Transplantation in autoimmune liver diseases

World J Gastroenterol. 2008 Jun 7;14(21):3388-95. doi: 10.3748/wjg.14.3388.


Liver transplantation remains an effective treatment for those with end-stage disease and with intractable liver-related symptoms. The shortage of organs for transplantation has resulted in the need for rationing. A variety of approaches to selection and allocation have been developed and vary from country to country. The shortage of donors has meant that new approaches have to be adopted to make maximal use of the available organs; these include splitting grafts, use of extended criteria livers, livers from non-heart-beating donors and from living donors. Post transplantation, most patients will need life-long immunosuppression, although a small proportion can have immunosuppression successfully withdrawn. Newer immunosuppressive drugs and different strategies may allow a more targeted approach with a reduction in side-effects and so improve the patient and graft survival. For autoimmune diseases, transplantation is associated with significant improvement in the quality and length of life. Disease may recur after transplantation and may affect patient and graft survival.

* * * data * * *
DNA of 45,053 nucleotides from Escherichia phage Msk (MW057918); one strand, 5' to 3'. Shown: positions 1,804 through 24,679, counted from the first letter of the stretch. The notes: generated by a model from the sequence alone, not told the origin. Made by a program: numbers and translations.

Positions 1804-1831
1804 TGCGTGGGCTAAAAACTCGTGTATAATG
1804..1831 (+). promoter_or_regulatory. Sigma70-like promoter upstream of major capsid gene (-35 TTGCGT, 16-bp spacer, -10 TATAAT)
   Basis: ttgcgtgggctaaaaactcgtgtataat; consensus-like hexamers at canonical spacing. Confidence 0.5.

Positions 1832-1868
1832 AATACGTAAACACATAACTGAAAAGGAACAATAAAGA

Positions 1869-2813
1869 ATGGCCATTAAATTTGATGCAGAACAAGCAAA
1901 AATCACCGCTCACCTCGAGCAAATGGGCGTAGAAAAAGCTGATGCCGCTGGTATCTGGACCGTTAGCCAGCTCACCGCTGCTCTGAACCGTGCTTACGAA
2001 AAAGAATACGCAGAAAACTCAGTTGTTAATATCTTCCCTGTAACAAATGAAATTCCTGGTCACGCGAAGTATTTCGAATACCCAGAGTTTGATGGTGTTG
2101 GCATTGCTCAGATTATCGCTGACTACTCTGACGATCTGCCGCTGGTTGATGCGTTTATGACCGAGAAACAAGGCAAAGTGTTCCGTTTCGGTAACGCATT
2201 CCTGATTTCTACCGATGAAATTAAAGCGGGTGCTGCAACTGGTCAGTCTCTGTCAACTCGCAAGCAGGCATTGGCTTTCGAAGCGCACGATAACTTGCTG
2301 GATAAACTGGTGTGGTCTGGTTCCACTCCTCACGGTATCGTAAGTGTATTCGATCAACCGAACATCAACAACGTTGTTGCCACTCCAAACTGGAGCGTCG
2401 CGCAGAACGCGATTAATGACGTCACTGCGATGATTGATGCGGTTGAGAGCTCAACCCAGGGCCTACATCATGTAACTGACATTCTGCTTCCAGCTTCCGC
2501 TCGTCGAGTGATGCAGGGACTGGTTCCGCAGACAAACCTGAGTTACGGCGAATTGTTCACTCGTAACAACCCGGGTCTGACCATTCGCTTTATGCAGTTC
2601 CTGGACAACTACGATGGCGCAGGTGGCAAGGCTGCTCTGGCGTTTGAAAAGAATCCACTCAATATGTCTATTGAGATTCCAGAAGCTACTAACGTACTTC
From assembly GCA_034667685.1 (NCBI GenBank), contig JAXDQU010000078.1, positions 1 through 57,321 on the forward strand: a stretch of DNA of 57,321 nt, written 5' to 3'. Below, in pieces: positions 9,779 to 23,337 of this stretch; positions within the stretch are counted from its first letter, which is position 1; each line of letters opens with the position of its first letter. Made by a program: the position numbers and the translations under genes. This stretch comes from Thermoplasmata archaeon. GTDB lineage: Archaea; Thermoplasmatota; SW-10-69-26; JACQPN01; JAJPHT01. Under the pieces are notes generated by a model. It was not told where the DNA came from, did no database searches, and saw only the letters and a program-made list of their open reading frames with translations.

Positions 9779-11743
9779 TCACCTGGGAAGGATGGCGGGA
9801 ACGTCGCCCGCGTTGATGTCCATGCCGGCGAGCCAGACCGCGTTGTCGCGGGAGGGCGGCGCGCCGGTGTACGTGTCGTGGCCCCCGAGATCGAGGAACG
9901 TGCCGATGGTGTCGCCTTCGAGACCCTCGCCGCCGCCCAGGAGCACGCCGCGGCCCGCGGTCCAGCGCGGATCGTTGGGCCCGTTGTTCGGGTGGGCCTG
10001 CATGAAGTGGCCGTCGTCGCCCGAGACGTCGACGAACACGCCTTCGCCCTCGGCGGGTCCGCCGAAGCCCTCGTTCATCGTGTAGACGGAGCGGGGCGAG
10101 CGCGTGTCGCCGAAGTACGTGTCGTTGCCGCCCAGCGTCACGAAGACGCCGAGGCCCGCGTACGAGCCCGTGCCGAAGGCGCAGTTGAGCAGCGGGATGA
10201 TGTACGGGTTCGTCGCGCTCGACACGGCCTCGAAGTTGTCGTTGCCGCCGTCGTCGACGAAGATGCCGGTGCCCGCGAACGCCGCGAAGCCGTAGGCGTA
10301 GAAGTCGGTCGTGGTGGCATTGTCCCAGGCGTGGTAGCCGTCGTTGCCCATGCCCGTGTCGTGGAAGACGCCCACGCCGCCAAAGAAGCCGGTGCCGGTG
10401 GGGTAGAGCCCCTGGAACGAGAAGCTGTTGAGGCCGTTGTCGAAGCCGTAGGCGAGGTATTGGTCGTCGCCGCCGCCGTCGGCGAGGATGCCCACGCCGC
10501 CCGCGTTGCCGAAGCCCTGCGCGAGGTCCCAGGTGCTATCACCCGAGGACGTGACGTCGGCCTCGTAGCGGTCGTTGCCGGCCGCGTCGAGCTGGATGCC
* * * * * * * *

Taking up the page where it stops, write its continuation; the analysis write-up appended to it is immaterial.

Publication types

  • Review

MeSH terms

  • Cholangitis, Sclerosing / surgery*
  • Graft Survival
  • Hepatitis, Autoimmune / surgery*
  • Humans
  • Immunosuppressive Agents / therapeutic use
  • Liver Cirrhosis, Biliary / surgery*
  • Liver Transplantation* / adverse effects
  • Quality of Life
  • Recurrence
  • Risk Assessment
  • Risk Factors
  • Time Factors
  • Treatment Outcome


  • Immunosuppressive Agents